Meet The Poets: Jameela Nishat
SheThePeople.TV is partnering with the Poets Translating Poets Festival to be held this weekend. 50 poets have participated in a two-year-long project which aimed to provide a forum to contemporary poets from India and other South Asian countries to translate poetry in German and vice-versa. The festival in Mumbai will comprise poetry readings, discussions, photo exhibitions and exciting performances, including jazz poetry performances, and readings in unexpected parts of the city!
Also Read: Meet the Poets: Sylvia Geist
We spoke to feminist Urdu poet Jameela Nishat about her journey and her inspiration. Nishat was born in Hyderabad, and her father, Syed Bin Mohammad, was a portrait artist and a close friend of M.F. Hussain. She is the founder of the Shaheen Collective, a woman’s organisation which works to end domestic and social violence against women
1. How did you start writing poetry? What to you is the purpose of writing poetry?
I started writing poetry when I was twelve. As I was first writing a friendly letter, it changed to a poem. I write what I feel. I try to pen down my dreams and they turn out to be poems. I feel the pain of other women and girls as mine. I believe in changing the society through creativity.
2. Are there any themes which have attracted you in your writing over the years?
A lot happened as I continued writing. I wrote many poems on sexuality when I was young. As my journey continued, I started writing about social issues like communal harmony and gender justice. I was very subjective in the beginning and as I travelled I became more objective. Now there is very thin line between subjectivity and objectivity.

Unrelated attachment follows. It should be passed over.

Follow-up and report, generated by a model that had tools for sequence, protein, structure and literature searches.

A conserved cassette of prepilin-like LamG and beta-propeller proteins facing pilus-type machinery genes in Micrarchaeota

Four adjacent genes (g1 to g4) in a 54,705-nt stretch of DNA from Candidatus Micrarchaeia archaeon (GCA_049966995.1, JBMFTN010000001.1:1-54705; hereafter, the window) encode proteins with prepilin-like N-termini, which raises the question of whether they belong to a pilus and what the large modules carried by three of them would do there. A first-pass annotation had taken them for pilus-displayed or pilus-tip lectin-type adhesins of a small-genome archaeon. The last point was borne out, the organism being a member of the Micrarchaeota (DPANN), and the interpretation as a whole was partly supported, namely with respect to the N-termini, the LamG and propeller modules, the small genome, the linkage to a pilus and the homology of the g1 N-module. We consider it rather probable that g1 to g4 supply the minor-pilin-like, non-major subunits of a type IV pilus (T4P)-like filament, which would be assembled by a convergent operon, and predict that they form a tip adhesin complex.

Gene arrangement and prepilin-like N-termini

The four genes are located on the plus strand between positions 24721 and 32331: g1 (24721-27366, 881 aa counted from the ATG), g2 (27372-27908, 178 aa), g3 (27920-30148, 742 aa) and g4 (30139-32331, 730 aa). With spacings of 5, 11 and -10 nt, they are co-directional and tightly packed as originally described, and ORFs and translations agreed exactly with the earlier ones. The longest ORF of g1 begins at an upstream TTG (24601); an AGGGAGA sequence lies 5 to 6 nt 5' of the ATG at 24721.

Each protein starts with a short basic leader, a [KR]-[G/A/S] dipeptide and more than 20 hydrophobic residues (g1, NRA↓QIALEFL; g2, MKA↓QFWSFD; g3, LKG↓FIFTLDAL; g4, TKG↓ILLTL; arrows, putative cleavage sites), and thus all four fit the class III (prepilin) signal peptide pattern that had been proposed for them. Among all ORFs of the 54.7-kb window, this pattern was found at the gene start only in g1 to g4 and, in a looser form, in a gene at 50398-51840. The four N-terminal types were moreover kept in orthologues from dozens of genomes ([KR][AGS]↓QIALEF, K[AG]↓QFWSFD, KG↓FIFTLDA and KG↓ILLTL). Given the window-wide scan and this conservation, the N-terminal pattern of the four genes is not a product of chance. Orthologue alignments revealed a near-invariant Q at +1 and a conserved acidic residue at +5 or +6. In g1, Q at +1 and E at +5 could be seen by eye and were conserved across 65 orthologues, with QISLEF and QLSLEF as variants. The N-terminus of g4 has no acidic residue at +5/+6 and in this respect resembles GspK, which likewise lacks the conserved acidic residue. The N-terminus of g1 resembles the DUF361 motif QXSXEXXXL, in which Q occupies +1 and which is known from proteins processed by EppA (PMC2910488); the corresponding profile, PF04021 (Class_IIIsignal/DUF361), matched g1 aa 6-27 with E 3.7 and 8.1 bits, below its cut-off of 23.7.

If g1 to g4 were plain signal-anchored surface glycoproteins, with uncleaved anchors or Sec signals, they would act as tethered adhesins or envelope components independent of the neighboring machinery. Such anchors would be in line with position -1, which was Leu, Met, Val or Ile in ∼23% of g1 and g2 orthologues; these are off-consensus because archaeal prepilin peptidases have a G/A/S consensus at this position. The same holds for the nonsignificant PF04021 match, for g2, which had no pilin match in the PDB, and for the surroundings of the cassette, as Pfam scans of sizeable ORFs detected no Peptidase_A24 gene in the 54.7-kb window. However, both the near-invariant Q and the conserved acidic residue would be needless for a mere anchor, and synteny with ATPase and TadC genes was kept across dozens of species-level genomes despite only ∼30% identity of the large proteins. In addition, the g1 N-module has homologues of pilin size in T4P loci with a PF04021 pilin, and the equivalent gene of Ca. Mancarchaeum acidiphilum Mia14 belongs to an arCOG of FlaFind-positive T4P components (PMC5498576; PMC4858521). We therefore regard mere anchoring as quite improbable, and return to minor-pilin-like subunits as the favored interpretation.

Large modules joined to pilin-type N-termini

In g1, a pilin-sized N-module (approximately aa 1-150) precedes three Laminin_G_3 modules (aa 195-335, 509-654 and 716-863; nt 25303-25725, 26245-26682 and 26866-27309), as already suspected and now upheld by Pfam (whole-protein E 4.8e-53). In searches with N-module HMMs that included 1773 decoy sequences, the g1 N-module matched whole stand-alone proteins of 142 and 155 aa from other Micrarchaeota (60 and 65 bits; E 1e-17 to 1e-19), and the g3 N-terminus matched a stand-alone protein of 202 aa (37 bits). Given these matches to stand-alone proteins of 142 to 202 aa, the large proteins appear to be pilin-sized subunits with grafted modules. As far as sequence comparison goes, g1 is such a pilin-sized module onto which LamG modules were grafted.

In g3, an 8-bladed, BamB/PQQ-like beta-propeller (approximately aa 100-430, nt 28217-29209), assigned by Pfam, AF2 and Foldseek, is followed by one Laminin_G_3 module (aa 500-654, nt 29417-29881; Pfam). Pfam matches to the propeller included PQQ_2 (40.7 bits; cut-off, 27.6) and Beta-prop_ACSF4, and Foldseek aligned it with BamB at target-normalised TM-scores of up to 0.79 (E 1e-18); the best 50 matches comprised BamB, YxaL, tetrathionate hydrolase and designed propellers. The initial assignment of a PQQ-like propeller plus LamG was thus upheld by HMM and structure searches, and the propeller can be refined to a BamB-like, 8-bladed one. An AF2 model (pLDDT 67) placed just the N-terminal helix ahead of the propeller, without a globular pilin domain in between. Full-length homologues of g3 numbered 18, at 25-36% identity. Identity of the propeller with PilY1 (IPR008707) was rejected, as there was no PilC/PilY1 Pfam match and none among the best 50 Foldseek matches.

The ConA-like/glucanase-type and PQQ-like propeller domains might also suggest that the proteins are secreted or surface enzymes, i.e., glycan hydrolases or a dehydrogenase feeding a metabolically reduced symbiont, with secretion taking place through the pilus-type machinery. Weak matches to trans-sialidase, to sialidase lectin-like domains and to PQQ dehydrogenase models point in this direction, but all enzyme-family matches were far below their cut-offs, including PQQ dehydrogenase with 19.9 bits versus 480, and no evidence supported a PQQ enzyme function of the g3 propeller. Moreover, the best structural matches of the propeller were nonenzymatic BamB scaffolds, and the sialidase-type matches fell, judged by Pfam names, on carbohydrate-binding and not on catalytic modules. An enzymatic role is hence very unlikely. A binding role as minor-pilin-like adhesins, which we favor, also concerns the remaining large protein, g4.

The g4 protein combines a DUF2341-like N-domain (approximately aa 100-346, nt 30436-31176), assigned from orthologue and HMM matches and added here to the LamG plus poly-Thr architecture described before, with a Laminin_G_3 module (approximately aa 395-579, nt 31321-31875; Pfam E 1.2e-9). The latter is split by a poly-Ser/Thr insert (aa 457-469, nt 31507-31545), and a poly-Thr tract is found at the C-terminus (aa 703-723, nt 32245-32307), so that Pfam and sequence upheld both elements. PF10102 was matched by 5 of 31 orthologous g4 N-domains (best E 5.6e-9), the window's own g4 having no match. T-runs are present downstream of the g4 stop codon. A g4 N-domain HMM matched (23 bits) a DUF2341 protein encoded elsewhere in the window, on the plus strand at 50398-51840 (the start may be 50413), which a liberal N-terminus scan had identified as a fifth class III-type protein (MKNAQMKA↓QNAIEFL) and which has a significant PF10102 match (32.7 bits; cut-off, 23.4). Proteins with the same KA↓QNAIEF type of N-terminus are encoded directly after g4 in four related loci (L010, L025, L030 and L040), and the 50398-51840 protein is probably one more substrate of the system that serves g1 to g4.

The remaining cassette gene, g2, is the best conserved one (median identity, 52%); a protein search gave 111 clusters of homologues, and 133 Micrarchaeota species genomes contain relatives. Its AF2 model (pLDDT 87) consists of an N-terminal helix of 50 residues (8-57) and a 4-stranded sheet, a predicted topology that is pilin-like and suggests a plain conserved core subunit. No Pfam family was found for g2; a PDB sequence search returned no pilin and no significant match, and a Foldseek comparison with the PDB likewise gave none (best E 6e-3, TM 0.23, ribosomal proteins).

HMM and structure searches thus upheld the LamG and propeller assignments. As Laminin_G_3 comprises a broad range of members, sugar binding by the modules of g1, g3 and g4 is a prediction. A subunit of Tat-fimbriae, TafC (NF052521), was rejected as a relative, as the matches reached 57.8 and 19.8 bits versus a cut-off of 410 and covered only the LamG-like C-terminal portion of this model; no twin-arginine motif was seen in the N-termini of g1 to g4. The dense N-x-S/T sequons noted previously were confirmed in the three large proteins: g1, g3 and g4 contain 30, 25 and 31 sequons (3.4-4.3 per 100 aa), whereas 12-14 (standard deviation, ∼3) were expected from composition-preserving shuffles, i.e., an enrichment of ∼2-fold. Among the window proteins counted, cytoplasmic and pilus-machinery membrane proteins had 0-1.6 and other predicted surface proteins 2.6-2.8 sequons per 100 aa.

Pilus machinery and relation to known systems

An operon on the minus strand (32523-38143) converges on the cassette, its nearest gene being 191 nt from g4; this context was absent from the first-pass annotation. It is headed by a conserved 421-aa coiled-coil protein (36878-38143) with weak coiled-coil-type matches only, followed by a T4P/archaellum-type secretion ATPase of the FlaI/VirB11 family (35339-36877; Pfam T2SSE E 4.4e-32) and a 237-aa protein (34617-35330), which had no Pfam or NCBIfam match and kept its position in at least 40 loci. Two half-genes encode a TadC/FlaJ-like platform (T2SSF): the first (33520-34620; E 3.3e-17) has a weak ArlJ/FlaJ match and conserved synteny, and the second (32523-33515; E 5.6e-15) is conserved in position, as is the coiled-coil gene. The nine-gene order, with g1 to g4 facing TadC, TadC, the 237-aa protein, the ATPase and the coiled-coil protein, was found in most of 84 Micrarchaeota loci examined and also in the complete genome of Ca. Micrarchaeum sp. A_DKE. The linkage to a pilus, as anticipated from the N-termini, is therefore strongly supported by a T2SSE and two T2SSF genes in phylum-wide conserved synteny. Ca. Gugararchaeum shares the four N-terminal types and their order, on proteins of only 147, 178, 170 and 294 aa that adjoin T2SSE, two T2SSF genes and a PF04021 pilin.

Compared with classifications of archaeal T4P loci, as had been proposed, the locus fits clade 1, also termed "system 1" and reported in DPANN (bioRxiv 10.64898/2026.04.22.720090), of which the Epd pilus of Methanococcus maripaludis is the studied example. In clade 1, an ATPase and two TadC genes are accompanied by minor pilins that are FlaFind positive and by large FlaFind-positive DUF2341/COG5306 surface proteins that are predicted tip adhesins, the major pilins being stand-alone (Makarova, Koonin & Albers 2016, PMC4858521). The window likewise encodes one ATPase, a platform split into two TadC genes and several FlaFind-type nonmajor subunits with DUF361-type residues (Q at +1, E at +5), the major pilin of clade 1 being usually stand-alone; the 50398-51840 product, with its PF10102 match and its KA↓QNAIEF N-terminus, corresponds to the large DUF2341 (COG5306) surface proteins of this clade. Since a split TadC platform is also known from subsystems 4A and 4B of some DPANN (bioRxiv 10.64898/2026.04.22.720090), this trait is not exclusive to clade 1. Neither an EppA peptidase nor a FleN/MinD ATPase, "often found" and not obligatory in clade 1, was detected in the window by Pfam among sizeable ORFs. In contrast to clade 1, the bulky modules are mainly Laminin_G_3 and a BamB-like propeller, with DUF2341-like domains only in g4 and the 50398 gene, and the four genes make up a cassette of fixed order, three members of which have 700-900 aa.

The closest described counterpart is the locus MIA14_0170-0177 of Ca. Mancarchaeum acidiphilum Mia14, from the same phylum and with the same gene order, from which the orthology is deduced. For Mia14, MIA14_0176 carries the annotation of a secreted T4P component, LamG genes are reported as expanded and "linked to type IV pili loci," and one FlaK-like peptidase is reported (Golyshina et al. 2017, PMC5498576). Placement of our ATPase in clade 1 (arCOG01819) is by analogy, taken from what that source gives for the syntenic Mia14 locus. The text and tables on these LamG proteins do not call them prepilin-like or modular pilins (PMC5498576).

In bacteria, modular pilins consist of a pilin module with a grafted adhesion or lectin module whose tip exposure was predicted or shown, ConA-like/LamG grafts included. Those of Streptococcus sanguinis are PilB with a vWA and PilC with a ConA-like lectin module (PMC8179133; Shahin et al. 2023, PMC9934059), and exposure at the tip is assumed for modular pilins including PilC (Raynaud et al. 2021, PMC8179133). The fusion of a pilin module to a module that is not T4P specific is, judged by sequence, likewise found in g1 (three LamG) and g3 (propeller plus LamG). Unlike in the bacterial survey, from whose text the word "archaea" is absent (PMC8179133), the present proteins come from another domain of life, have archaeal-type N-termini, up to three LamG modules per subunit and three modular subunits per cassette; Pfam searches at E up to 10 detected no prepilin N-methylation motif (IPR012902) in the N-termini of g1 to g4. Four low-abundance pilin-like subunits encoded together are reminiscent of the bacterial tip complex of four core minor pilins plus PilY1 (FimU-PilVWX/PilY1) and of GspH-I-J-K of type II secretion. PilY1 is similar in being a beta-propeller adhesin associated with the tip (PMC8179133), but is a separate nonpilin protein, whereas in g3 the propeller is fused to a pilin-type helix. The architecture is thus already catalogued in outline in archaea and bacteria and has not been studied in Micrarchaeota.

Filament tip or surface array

I try to pen down my dreams and they turn out to be poems. I feel the pain of other women and girls as mine.
3. What led you to start the Shaheen Collective and how much does your work as an activist influence your writing?
Shaheen Collective is an extension of my poetry. I dream of a peaceful society where women are free to do what they want to do and live a violence free life.
Read Jameela Nishat’s poem in Urdu here:
کرچیوں پر چل کر
کرچیوں پر چل کر
خیمہ تک اپنے پہنچی
کاغذ نے با ہیں پھیلائی
پلکوں نے ٹپکایا لہو
الفاظ جنم لینے لگے
Poem Reproduced Courtesy Poets Translating Poets. You can hear and read more of her poetry here
4. What is the most difficult part of writing a poem?
I really don’t know the difficult part. For me a poem flows and I just put it on paper. I have never worked on any poem as a poet is normally supposed to do.
5. How do you feel when your poetry is translated? Does something get lost in translation?
I feel happy to communicate my feelings with every human being and translation helps me in doing that. Today I am here because of translations. The poets of my language never appreciated my poems. First when I wanted my poems to be published, the calligrapher refused to do the calligraphy of my poems because the poems were not of good taste according to him.
6. Finally which poets do you admire and have inspired you?
There are many poets who inspired. But Emily Dickinson lived in me for years. Sylvia Plath is also my favourite. Fahmida Riyaz and Kishwar Nahid are the Pakistani Urdu poets whom I love.
The Poets Translating Poets festival is open to all — For a full schedule of events log on here